biblical passages. The book
begins with an introduction
by New Yorker
contributor and author Adam Gopnik, who throws a
bit of an elitist stink bomb at the Bible with
his insistence that “as history and revelation
its stories have long ago fallen away.” He redeems himself as he discusses different ways
in which the Bible can be read. As if to contradict Gopnik, many of the authors here
(including everyone from Tobias Wolff to
Reverend Al Sharpton)—some of whom have
written about religious subjects before, others
not—share with readers why a particular biblical portion resonates with them while also
showing how the texts continually lend themselves to new interpretations. Case in point:
the bracing opening piece by Avi Steinberg,
who reimagines the snake in the garden as a
brother of Adam. Edwidge Danticat writes
movingly about reading the Bible with her
mother as she dies from ovarian cancer and
finding solace in, ironically, the dark imagery of Revelations after her mother passes.
Even contributors Cokie Roberts and Steve
Roberts, who have written often about their
Catholic-Jewish marriage, add freshness to
that theme by linking it to the story of Ruth.
An often inspiring and always interesting collection. —Ilene Cooper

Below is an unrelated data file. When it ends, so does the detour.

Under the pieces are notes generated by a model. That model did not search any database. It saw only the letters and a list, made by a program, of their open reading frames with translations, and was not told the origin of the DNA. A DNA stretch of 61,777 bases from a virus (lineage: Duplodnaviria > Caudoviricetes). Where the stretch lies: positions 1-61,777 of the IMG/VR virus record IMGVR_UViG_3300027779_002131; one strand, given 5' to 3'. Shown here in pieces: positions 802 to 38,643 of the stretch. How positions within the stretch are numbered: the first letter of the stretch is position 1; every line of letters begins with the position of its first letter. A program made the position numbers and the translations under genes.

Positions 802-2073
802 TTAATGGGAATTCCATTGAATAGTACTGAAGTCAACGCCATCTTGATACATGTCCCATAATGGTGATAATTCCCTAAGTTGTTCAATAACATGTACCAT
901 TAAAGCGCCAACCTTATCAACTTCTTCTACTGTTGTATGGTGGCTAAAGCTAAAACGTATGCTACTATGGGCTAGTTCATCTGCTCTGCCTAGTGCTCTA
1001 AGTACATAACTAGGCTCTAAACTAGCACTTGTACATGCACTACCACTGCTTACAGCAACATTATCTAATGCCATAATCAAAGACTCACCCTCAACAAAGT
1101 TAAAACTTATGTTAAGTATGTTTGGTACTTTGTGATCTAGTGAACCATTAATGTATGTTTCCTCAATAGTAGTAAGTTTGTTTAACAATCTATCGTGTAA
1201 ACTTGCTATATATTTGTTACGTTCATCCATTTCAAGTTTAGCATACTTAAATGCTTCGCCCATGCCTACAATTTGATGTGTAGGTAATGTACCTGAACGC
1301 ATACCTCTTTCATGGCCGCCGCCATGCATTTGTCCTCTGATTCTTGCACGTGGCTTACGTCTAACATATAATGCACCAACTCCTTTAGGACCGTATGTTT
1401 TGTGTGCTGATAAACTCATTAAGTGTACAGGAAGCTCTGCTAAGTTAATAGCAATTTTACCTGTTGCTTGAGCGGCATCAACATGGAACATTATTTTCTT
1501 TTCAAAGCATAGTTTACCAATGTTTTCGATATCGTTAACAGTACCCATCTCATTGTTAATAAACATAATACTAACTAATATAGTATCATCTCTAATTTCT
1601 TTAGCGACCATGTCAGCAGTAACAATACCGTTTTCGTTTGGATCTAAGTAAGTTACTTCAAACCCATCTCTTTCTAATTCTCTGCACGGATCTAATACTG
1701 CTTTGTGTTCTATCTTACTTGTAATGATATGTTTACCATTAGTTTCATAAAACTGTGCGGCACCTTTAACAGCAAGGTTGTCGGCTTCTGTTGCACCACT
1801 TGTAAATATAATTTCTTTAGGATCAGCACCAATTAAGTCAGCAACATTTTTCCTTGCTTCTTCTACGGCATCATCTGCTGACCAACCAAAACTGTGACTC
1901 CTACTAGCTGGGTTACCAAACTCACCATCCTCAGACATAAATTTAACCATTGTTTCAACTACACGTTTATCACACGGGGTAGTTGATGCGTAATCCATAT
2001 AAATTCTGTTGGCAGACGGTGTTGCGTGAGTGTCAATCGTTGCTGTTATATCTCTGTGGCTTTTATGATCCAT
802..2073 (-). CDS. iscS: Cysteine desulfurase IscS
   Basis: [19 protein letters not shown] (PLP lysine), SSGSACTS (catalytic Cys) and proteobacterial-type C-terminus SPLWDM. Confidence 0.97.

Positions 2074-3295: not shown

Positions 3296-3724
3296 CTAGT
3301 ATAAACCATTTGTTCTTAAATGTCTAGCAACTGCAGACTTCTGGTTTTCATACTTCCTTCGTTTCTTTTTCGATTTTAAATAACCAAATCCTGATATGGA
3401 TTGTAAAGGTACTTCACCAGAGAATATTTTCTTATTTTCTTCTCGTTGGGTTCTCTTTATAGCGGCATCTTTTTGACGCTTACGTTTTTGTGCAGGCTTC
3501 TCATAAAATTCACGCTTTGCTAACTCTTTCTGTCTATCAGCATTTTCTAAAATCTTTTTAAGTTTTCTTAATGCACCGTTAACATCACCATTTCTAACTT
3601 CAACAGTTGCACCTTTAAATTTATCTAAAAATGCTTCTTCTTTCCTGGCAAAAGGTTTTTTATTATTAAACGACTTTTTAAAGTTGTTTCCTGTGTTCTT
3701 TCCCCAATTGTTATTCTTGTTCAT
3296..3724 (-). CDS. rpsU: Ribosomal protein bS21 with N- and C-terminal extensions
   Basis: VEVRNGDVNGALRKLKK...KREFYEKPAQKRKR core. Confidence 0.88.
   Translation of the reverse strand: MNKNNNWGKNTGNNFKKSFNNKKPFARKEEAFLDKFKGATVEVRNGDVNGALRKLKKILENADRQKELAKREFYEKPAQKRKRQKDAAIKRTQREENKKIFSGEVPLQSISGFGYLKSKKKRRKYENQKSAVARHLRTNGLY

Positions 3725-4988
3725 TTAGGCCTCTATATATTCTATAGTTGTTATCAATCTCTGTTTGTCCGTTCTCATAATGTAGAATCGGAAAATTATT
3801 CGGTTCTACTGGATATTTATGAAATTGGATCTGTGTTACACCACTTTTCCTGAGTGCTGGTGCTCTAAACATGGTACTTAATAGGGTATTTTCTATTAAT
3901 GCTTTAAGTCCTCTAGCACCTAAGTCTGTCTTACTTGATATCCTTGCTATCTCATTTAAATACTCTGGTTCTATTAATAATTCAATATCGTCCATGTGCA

Here and There: Leaving Hasidism,
Keeping My Family.
By Chaya Deitsch.
2015. 224p. Schocken, $26 (9780805243178); e-book
There have been several recent books about
people leaving an ultra-Orthodox Jewish community and the heartache that such a transition
entails, often with the fallen away having to
cut all family ties. So it’s refreshing to read a
memoir in which, though the author struggles
internally with her decision, her family accepts
her choice. We know this because the book
begins as Deitsch returns to Crown Heights,
Brooklyn, the epicenter of the Lubavitcher
movement, for a funeral. She’s been trying to
write a history of the remarkable women in
her family but realizes the story she needs to
write is her own. From childhood, Deitsch felt